How Old Do You Have to Be to Get a Car Loan?
For many teenagers, getting a driver’s license is a rite of passage. But even with a driver’s license in hand, it can be difficult for young drivers to get a car loan.
In most cases, you must be at least 18 years old to borrow money from a lender. There are ways for teenagers to finance a vehicle, but it usually requires a parent or guardian to take out a loan and put the vehicle in their name.
How Old Do You Have to Be to Buy a Car?
In almost every state, you have to be at least 18 years old to get an auto loan. Because a loan is a legally binding contract, auto lenders can’t hold minors legally responsible for the terms of a contract until they reach the age of majority, which is 18 years old in nearly every state.
Because of this statute, few lenders will issue a car loan to a minor. Those few that do will likely require a co-signer, like a parent or a guardian who is over 18. Many banks also want borrowers to have an established credit history, which most teens don’t have unless a parent adds them as an authorized user on one of their accounts.
Is There an Age Requirement to Buy a Car with Cash?
Because most drivers under 18 can’t get an auto loan, the only other alternative is to purchase a car in cash. However, young drivers who want to buy a car with cash might run into some obstacles.
If a minor wants to pay cash for a vehicle, most states still won’t allow them to have a car titled in their name. Texas is one of the only exceptions. As a result, an adult may have to register the vehicle in their name.
Check with your state’s motor vehicle department to learn about the specific laws that apply to a minor purchasing a vehicle. Even if you are able to bypass your state’s titling laws and pay cash, you still need car insurance to drive legally. Thus, adult assistance is required either way.
Can a Teen Buy Car Insurance?
Car insurance is a legal requirement in almost every state. Regardless of your age, all vehicles must be insured. However, an insurance policy is another type of legal contract. That means a driver under 18 may not be able to purchase their own coverage from an insurance company.
Of course, parents can add their children to their car insurance policy, which is the easiest way for minors to get coverage. If the child has their own car, a parent can also add the vehicle to their existing insurance policy.
When a teen driver moves away from home, however, they are typically responsible for getting their own car insurance policy. And because young drivers are risky to insure, it can be very difficult to find affordable rates.
How Can a Teenager Legally Get a Car?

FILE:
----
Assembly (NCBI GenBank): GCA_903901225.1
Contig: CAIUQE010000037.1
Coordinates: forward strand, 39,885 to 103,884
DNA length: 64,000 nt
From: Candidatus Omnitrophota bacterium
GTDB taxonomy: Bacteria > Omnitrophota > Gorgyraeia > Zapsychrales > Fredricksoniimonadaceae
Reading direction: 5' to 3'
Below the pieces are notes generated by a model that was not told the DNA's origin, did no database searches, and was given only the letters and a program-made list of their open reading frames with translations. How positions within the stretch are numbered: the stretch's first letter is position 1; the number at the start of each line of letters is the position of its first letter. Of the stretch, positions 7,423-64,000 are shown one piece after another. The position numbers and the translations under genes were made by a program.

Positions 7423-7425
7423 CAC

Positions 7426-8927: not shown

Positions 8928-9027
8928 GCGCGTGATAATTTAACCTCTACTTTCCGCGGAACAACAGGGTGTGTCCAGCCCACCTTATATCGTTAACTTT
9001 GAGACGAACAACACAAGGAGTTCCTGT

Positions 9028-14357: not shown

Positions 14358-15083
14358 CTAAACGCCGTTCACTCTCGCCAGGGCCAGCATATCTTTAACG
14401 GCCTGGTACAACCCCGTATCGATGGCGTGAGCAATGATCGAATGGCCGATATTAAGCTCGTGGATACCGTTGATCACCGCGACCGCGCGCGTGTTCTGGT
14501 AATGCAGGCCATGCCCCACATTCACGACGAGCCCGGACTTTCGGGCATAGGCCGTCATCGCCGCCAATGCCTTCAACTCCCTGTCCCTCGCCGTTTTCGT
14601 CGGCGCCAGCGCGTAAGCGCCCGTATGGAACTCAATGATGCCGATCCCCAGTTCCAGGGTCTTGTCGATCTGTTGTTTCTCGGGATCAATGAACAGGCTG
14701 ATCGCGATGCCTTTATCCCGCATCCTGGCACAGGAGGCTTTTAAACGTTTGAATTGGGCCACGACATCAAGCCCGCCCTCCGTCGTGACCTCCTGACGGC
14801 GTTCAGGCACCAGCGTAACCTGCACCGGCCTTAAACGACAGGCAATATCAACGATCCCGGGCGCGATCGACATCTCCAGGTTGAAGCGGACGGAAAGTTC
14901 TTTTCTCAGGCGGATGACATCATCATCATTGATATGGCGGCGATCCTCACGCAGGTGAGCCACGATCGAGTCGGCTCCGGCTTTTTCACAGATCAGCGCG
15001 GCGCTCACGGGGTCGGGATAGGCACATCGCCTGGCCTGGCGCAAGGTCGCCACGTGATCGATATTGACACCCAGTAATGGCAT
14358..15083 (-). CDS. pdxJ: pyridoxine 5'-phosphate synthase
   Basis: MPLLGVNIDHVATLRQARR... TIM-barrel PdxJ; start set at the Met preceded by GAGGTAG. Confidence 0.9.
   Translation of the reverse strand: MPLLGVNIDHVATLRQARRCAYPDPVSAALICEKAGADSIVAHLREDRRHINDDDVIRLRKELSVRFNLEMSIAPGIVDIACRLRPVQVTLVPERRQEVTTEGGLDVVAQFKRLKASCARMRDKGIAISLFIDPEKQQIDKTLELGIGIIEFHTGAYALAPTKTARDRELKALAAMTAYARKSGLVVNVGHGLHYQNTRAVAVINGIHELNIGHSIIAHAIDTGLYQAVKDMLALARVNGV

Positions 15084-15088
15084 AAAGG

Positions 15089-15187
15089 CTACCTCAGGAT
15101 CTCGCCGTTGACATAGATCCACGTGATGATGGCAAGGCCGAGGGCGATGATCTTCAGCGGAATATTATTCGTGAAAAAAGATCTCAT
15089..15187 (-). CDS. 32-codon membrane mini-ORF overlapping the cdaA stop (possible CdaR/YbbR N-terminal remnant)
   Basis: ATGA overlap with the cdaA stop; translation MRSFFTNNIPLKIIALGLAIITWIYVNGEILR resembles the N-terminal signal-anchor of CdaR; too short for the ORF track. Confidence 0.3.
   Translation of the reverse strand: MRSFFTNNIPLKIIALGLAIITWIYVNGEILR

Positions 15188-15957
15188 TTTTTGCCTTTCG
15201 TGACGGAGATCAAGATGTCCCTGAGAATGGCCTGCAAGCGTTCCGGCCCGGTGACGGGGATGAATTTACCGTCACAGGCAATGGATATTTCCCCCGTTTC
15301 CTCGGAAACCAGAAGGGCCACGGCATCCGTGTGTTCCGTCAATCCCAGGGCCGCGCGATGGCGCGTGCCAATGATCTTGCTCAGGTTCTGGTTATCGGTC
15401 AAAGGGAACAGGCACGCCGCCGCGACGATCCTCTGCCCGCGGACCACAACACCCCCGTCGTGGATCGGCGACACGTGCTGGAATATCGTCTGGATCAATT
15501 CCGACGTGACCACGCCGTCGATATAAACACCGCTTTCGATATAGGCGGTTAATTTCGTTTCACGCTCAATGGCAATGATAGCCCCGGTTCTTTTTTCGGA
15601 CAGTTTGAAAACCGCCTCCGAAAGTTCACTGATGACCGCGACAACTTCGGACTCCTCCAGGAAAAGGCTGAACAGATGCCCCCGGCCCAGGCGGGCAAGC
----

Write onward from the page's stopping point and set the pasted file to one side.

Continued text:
If you have a teen driver at home, there may be a way for them to get a car. The most common way is to take out a loan in your name as their parent or guardian. Once you pay it off, you’ll be the vehicle’s legal owner. That’s the ideal time to transfer the title into your child’s name. However, you still have to wait for them to turn 18.
There are lots of ways to get an auto loan, including through a car dealership, bank, or credit union. To get approved, you must meet certain requirements. Here are some of the eligibility factors that lenders typically look at when you apply for an auto loan:
Your credit history helps determine if you will be a responsible borrower. Your credit is also used to calculate your interest rate, which impacts how much you will pay over the life of the loan. Contact the credit bureaus several months before applying so you know your score and what type of interest rates you can expect.
Banks also want to ensure you have the money to make your monthly payments. Be prepared to provide proof of income, whether it’s from a traditional job or a contract position. Recent pay stubs or bank statements should satisfy this lender requirement.
Have your driver’s license on hand when you submit your loan documents. A passport will also work if you don’t have another government-issued photo ID.
Proof of Residency
Borrowers should also be prepared to provide proof of residency. You can give your bank a copy of your lease, mortgage statement, or utility bill with your loan application.
Finance & Insurance Editor
Elizabeth Rivelli is a freelance writer with more than three years of experience covering personal finance and insurance. She has extensive knowledge of various insurance lines, including car insurance and property insurance. Her byline has appeared in dozens of online finance publications, like The Balance, Investopedia, Reviews.com, Forbes, and Bankrate.